We are celebrating World Environment Day on the 5th of June 2023 and the theme for this year will focus on the solutions to plastic pollution.

Plastic has many valuable uses but we have become used to the single-use of plastic products which has severe environmental, social, economic and health consequences. One million plastic bottles are purchased every minute around the world and five trillion plastic bags are used worldwide every year. In total, half of all plastic produced is designed for single-use purposes – used just once and then thrown away.

From the 1950s to the 1970s, plastic waste was relatively manageable because only a small amount of plastic was produced, while today this has become more challenging since we produce about 400 million tonnes of plastic every year. If the production of plastic continues at this trend, global production of primary plastic is forecasted to reach 1,100 million tonnes by 2050.

What happens to plastic waste?

The majority of plastic waste gets carried from deep inland to the sea through lakes and rivers, making them the major contributors to ocean pollution. Because of plastic’s durability and resistance to degradation, most plastic items never fully disappear, and they just break down into smaller and smaller pieces. These smaller pieces called microplastics can enter the human body through inhalation and absorption and accumulate in organs.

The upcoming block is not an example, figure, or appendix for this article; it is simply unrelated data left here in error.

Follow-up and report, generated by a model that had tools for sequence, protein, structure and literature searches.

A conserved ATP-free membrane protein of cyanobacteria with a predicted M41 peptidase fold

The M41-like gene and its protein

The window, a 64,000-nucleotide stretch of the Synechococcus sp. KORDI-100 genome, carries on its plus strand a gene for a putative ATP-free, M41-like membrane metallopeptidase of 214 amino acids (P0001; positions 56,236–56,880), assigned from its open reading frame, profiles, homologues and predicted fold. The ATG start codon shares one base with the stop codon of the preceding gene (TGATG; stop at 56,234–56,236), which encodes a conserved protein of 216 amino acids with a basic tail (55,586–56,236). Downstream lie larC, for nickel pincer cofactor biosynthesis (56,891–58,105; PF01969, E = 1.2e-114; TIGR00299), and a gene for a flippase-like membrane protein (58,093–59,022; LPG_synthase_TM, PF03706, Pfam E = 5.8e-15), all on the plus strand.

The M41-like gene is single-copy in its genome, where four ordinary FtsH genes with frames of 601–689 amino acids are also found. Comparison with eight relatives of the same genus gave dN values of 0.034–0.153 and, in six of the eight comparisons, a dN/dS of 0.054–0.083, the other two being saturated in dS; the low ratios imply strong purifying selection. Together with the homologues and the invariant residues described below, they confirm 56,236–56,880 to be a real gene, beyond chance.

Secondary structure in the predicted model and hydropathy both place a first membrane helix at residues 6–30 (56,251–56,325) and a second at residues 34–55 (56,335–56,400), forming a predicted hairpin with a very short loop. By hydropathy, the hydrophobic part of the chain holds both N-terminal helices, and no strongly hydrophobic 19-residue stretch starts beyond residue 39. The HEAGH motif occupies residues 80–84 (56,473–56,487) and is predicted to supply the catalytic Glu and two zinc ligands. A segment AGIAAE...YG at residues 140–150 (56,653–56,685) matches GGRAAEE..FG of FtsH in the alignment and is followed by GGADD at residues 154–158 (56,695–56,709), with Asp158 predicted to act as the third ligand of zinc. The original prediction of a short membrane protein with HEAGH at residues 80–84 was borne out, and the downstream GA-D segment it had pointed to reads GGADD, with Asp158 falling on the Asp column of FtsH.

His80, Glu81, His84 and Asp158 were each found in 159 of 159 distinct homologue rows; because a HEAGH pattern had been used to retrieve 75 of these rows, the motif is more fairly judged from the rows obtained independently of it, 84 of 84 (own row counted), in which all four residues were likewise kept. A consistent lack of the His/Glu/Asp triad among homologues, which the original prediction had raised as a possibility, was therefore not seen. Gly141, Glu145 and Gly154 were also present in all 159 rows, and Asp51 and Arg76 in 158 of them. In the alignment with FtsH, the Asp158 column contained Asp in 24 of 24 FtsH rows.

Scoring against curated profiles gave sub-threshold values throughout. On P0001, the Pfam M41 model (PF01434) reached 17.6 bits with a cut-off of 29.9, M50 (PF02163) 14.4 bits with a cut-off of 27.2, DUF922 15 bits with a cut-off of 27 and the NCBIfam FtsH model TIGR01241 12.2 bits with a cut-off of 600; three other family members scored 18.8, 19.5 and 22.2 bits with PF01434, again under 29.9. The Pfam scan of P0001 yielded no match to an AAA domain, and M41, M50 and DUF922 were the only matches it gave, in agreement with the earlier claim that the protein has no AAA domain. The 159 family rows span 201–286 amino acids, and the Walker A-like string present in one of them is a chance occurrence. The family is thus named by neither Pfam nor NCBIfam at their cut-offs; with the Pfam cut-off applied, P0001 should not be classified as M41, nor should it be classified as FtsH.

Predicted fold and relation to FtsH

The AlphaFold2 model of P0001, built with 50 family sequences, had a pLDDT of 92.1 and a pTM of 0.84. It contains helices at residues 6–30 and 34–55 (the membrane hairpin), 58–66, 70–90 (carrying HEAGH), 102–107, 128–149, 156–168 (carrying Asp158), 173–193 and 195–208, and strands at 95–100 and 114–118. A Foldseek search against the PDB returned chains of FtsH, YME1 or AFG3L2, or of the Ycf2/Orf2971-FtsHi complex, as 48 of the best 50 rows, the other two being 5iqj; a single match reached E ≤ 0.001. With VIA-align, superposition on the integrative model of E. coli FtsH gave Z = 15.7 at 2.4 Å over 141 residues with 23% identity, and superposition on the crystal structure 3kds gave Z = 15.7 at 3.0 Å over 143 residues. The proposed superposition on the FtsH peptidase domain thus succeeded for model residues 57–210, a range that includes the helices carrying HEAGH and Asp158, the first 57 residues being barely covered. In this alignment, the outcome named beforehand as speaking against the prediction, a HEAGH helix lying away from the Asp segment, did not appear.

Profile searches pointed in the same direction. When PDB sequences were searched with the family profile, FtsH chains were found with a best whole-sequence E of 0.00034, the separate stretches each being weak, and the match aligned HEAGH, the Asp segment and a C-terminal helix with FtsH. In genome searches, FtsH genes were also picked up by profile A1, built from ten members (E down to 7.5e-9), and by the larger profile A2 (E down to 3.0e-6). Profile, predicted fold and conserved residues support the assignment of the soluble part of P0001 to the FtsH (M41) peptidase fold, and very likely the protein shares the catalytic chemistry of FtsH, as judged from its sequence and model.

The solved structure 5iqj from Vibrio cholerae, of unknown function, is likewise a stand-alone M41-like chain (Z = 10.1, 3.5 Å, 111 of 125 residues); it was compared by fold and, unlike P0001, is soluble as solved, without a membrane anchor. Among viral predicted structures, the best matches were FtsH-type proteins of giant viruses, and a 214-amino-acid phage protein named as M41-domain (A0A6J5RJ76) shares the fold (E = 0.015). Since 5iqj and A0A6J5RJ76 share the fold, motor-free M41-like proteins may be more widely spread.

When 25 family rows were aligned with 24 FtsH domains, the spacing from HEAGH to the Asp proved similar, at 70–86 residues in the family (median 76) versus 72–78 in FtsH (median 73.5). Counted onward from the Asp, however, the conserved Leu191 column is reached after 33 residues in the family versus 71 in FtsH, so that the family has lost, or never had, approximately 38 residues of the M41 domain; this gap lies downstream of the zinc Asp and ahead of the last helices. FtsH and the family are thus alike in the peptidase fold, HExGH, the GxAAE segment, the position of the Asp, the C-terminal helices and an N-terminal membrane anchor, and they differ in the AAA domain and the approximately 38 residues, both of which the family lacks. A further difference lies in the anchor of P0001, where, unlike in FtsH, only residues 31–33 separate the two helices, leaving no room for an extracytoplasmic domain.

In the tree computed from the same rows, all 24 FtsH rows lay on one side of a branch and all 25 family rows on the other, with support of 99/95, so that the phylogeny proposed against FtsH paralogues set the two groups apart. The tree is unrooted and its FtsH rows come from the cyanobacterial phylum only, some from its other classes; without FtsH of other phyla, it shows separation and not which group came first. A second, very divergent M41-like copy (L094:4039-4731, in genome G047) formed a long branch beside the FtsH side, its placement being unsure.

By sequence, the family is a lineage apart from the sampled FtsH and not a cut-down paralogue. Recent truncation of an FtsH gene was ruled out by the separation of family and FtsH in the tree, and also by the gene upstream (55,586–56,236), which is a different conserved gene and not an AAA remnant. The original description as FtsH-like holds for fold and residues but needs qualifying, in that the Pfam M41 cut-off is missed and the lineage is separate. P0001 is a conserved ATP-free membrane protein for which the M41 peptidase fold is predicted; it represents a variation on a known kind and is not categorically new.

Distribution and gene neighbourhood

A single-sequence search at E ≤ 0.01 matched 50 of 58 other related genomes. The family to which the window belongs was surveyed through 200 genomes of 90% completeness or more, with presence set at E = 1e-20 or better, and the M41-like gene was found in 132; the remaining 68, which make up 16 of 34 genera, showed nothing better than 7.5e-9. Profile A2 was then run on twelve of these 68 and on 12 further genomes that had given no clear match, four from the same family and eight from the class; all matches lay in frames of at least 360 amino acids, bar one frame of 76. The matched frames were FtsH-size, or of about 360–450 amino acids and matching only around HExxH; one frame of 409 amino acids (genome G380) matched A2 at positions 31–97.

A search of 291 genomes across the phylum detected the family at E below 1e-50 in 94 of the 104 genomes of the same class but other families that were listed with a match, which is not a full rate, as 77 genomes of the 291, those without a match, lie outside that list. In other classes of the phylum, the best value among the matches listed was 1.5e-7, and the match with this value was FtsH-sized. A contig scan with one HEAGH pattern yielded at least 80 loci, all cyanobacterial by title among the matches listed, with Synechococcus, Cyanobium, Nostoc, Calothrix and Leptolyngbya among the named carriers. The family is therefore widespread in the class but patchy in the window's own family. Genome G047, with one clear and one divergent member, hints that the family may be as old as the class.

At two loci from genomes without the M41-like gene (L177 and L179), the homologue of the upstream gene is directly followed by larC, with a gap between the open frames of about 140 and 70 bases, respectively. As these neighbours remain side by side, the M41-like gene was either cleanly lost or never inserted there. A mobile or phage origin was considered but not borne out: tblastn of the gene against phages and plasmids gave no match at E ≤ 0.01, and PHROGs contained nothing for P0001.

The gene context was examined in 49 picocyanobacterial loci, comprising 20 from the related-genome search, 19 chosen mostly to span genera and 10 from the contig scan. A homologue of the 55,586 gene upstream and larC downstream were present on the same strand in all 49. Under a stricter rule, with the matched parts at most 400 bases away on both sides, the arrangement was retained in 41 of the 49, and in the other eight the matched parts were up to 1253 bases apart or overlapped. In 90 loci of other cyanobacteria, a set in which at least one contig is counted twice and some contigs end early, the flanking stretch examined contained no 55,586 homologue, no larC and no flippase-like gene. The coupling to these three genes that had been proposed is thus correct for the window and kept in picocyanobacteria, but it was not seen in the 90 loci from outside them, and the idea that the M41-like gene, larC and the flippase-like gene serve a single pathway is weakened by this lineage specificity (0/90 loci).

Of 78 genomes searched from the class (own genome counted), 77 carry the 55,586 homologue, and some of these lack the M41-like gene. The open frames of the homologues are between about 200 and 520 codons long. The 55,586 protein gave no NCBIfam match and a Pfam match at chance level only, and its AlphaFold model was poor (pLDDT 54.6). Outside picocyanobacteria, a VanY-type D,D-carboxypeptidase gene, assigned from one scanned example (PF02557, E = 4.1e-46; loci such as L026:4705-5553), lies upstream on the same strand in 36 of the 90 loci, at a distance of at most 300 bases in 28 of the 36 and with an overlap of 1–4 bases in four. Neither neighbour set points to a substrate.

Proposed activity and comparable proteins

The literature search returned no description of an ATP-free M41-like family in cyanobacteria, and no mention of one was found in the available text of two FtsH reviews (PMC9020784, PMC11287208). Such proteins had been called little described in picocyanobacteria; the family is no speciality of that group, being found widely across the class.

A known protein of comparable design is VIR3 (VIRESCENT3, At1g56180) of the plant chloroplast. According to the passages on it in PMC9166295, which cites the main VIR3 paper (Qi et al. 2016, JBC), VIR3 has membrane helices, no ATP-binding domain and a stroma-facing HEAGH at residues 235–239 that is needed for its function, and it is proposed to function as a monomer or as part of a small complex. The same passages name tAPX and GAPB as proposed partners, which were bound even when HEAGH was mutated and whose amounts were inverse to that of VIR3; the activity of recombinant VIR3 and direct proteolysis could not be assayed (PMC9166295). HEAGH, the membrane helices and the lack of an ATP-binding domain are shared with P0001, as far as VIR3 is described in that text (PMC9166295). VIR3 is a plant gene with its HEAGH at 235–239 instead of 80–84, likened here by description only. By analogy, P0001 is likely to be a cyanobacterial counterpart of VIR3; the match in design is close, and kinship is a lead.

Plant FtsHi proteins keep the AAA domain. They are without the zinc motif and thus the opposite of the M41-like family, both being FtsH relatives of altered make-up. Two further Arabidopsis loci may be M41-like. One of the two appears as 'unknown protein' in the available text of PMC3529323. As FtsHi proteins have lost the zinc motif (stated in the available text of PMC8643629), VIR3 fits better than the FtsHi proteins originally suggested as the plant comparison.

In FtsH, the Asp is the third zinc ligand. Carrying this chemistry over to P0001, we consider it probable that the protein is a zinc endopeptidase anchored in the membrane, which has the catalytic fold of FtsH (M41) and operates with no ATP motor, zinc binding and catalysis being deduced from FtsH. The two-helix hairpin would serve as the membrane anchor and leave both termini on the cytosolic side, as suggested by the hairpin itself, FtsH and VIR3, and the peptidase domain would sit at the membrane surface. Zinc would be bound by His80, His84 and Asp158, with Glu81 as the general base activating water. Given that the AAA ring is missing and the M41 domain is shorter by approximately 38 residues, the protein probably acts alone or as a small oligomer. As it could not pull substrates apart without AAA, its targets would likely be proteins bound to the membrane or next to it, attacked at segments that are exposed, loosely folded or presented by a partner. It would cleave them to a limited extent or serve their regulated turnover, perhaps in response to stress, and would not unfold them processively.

Less than 10% of the seven billion tonnes of plastic waste generated globally so far has been recycled meaning millions of tonnes of plastic waste are lost to the environment as they end up in landfills, where it may take up to 1,000 years to degrade thus leaking potentially toxic substances into the soil and water.

What can we do to reduce our contribution to plastic waste?

The most common type of plastic waste found in the environment are those of cigarette butts, because their filters contain tiny plastic filters that we don’t even know about. The next most common items are food wrappers, plastic bottles, plastic bottle caps, plastic grocery bags, plastic straws, and stirrers. Many of us uses these products every day without even thinking about where they might end up.

We can all make a big impact by making small changes to how we use and dispose plastic.

  1. Prevent – Stop plastic at its source
  • Say no to disposable plastic cutlery, plastic straws and other single-use plastics.
  • Avoid plastics that cannot be recycled if other alternatives exist.
  • Avoid products with excess or unnecessary plastic packaging.
  • Adopt reusable items such as water bottles, shopping bags, keep cups and travel cutlery.
  1. Recycle – Take responsibility for your plastics
  • Look for the National Recycling Forum Label (NRF) on your product. It will tell you if the packaging of the product is recyclable or not.
  • Look for free container deposit schemes where you can deposit your used containers. These schemes help to keep plastic out of landfill.

As we celebrate World Environment Day, let us think of how we are disposing our plastic products and where they end up if we do not dispose of them correctly.

For any assistance on understanding how to #Beatplasticpollution contact Jan Nel at